Irene Blum’s world is falling apart. Certain that she’s going to be appointed curator of the museum where she works when her mentor retires, she’s devastated when the board appoints someone else instead of her. Though it’s 1925 and the position of women is uncertain, Irene thought that her hard work and determination over the course of her life would pay off. Then her mentor, Henry Simms, gives her a task; go to Cambodia and find ten copper scrolls that depict the history of the Khmer people. Irene has always loved Cambodia and learning that her parents were there before gives her a new incentive to go. Armed with knowledge and taking a few people with her along the way, Irene’s journey is about more than ten scrolls; it’s about finding a purpose in her life beyond a single museum.
I heard quite a bit about this book when it came out and I was really looking forward to reading it for its UK paperback release, which took place last week. I mean, it sounds fascinating and has some of my favorite elements; it’s historical fiction, centered around museums and exciting artifacts, and had the potential to delve into the history of the Khmer people. I’ve never been to Cambodia or to see Angkor Wat, the legendary temple complex that they built, but it’s on my wishlist of places I’d love to go, and so the setting was bound to captivate me. And while that happened, what was lacking for me was the characters.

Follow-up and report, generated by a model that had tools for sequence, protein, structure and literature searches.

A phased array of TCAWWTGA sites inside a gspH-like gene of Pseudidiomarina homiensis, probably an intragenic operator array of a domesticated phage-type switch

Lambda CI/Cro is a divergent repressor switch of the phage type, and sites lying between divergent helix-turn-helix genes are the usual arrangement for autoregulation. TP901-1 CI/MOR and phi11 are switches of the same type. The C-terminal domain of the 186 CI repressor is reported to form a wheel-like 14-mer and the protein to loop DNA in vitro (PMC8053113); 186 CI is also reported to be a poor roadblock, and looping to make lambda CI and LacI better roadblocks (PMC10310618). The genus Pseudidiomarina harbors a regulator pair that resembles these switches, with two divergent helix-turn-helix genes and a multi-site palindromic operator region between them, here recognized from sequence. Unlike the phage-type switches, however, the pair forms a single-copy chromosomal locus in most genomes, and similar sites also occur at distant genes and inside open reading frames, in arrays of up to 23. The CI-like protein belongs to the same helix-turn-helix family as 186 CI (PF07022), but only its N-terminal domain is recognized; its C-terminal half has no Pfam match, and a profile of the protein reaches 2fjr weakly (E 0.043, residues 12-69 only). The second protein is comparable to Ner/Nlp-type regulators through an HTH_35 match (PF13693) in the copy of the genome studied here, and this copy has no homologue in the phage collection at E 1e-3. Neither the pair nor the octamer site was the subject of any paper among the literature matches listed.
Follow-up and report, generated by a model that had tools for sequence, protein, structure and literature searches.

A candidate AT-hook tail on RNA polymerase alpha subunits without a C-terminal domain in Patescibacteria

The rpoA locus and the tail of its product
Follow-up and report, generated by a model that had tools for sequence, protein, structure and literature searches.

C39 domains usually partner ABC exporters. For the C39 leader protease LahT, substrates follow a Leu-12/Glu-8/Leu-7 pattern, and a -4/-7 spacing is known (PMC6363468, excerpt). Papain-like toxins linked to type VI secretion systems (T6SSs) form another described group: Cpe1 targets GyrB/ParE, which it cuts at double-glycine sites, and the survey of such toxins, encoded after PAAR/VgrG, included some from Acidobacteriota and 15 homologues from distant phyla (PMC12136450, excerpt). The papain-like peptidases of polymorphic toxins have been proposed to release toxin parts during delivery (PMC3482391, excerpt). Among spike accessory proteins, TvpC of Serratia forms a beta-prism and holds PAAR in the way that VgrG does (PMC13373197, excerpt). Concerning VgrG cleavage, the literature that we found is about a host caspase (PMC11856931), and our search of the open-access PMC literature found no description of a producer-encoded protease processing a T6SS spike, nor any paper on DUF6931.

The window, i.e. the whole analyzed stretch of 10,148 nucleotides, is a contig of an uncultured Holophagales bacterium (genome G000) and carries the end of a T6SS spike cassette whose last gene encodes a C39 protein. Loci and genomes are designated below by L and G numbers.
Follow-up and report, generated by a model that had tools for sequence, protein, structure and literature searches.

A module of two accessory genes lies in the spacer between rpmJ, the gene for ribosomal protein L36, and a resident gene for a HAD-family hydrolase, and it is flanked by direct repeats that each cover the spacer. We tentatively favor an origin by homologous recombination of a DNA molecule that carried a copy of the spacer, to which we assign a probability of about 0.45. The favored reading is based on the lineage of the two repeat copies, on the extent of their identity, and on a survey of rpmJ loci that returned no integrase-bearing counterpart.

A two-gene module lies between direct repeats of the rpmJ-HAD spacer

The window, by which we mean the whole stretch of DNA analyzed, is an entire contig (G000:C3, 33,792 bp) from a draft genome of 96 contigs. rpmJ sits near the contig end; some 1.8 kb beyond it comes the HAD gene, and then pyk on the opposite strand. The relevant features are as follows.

The main character, Irene, does visibly grow and change over the course of the novel. Her life doesn’t go as she expected, and rather than break, she bends and grows stronger because of it. Her plan falls apart, so she puts together a new plan and forges forward. Despite this, though, I never felt that I liked her very much, nor did I really feel for any of the other characters. I got the feeling that certain revelations were meant to be deep and insightful, but I wasn’t there with the characters. I was never quite interested enough in the outcome of the story to actually pick the book up when I wasn’t already in a convenient position to do so. It was fine while I was reading it, but I wasn’t drawn in, and I didn’t feel that I was really experiencing an adventure story as I might have hoped.
All that said, there are certainly great points to this novel, and it’s been appreciated by plenty of other people. The writing is well done and I liked the atmosphere that it evoked, especially towards the end when Irene finally makes it to Cambodia. I think it’s more a book about one woman’s discovery, rather than quite what I’d expected. If you keep that in mind, I expect you’ll enjoy The Map of Lost Memories a great deal more than I did.
All external book links are affiliate links. I received this book for free for review.